WASHINGTON – After threatening a military strike against Syria, President Donald Trump on Tuesday cancelled plans to travel to South America later this week, choosing to stay in the United States to manage the response to an apparent chemical weapons attack.
White House spokeswoman Sarah Huckabee Sanders said Tuesday that Trump will not attend the 8th Summit of the Americas in Lima, Peru or travel to Bogota, Colombia as planned, remaining in the United States to "oversee the American response to Syria and to monitor developments around the world."
The decision marks the first time an American president has not attended the summit. Vice President Mike Pence will travel in Trump's place.
Trump on Monday promised a decision on Syria within hours, declaring that Russia or any other nation found to share responsibility for Saturday's apparent chemical weapons attack on civilians will "pay a price."
The White House sharply rejected any suggestion that Trump's own words about pulling U.S. troops out of Syria had opened the door for the attack, which killed more than 40 people, including children.
Trump, asked whether Russian President Vladimir Putin bore any responsibility, responded, "He may, yeah, he may. And if he does it's going to be very tough, very tough." He added, "Everybody's gonna pay a price. He will. Everybody will."
Amid the tough talk from the White House, the U.S. military appeared to be in position to carry out any attack order. A Navy destroyer, the USS Donald Cook, was underway in the eastern Mediterranean after completing a port call in Cyprus. The guided missile destroyer is armed with Tomahawk cruise missiles, the weapon of choice in a U.S. attack one year ago on an airfield in Syria following an alleged sarin gas attack on civilians.
The Russian military, which has a presence in Syria as a key Assad ally, said its officers had visited the weekend site in a suburb of Damascus, the Syrian capital, and found no evidence to back up reports of poison gas being used. Russia's U.N. ambassador, Vassily Nebenzia, accused Washington of deliberately stoking international tensions by threatening Russia in a tone "beyond the threshold of what is acceptable, even during the Cold War."
Trump said there was little question that Syria was responsible for the apparent weekend attack, although the government of President Bashar Assad denied it. "To me there's not much of a doubt, but the generals will figure it out," Trump said.
He promised a decision on a possible military response within 24 to 48 hours, "probably by the end of today."
Emphatic in his condemnation of the apparent gas attack, Trump noted graphic pictures of the dead and sickened, calling the assault "heinous," ''atrocious," ''horrible" and "barbaric."
Fielding questions at the White House, Trump press secretary Sarah Sanders said it would be "outrageous" to say that Trump's recent announcement that he intends to remove all U.S. forces from Syria in the coming months had emboldened Assad. "I think that it is outrageous to say that the president of the United States green-lit something as atrocious as the actions that have taken place over the last several days," she said.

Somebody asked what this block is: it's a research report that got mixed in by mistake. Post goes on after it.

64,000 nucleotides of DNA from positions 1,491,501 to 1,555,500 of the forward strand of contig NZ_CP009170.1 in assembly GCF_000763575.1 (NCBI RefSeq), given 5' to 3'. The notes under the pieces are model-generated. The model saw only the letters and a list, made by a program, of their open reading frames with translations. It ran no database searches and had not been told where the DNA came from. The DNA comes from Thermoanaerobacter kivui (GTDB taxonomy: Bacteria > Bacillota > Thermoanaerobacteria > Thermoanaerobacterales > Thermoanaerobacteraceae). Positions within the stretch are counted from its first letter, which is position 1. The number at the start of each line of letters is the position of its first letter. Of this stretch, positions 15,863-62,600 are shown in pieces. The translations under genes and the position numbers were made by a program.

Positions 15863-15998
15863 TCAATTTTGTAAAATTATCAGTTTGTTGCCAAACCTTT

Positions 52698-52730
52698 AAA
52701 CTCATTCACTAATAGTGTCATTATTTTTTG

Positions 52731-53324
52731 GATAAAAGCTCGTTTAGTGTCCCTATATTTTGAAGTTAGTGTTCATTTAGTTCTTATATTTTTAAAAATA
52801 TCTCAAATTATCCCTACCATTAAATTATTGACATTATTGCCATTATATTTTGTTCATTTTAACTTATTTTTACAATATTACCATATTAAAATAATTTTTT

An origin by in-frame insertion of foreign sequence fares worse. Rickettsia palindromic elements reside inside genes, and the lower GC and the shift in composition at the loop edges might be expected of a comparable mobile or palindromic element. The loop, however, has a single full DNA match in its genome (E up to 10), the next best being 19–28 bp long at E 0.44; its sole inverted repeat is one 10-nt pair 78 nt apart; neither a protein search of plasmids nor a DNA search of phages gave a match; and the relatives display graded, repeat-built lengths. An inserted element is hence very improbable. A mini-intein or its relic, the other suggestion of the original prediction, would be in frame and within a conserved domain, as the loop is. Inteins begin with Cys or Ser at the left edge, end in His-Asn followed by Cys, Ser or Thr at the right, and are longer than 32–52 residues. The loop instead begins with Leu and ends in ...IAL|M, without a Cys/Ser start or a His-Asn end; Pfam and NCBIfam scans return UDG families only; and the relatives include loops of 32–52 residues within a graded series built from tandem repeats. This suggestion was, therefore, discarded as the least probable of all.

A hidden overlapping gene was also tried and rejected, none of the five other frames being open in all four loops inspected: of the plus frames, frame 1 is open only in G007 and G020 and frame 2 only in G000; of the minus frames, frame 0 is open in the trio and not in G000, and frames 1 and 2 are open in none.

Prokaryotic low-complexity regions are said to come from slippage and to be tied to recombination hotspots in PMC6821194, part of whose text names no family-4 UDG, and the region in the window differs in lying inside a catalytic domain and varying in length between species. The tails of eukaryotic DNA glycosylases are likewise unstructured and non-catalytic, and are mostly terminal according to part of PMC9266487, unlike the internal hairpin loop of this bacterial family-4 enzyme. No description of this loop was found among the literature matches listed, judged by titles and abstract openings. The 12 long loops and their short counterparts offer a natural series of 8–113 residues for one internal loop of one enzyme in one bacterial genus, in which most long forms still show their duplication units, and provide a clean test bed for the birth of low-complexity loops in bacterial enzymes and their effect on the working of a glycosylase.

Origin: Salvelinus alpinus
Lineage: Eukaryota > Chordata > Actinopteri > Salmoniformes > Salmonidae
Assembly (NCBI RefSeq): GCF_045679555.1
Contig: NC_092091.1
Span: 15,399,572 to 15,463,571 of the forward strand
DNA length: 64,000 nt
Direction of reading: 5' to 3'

Defense Secretary Jim Mattis, in separate remarks at the Pentagon, also suggested Moscow bore some blame. He criticized Russia for what he suggested was its failure to ensure the elimination of Syria's chemical weapons arsenal under terms of a 2013 agreement.
Trump was to meet late in the day with senior national security aides, and no action was "off the table," the president said. Monday was the first day on the job for his new national security adviser, John Bolton, who has previously advocated military action against Syria.
Trump said, "If it's Russia, if it's Syria, if it's Iran, if it's all of them together, we'll figure it out."
The United States, meanwhile, urged the U.N. Security Council to adopt a resolution that would condemn the continuing use of chemical weapons in Syria "in the strongest terms" and establish a new body to determine responsibility for chemical attacks. The draft resolution, obtained by The Associated Press, was circulated ahead of an emergency Security Council meeting.
An American official said the U.S. was discussing with allies whether they would participate in a retaliatory strike. If Trump decides to proceed quickly, the most likely partner would be France rather than Britain, because of concerns about obtaining permission from Parliament, said the official, who wasn't authorized to discuss the planning publicly and requested anonymity.
As U.S. officials consider whether and how to respond, they are looking at what type of chemical agent might have been used. When Trump ordered airstrikes last year after a chemical weapons attack, it was a response to the use of sarin gas, which is banned by the Chemical Weapons Convention that Syria has signed. An attack with chlorine, which can be used as a weapon but is not outright banned by the treaty, could raise precedent issues, as there have been numerous recent allegations of chlorine attacks in Syria that have drawn no response from the Trump administration.
AP writers Catherine Lucey, Josh Lederman, Edie Lederer and Jonathan Lemire contributed.
Follow Lemire on Twitter at http://twitter.com/@JonLemire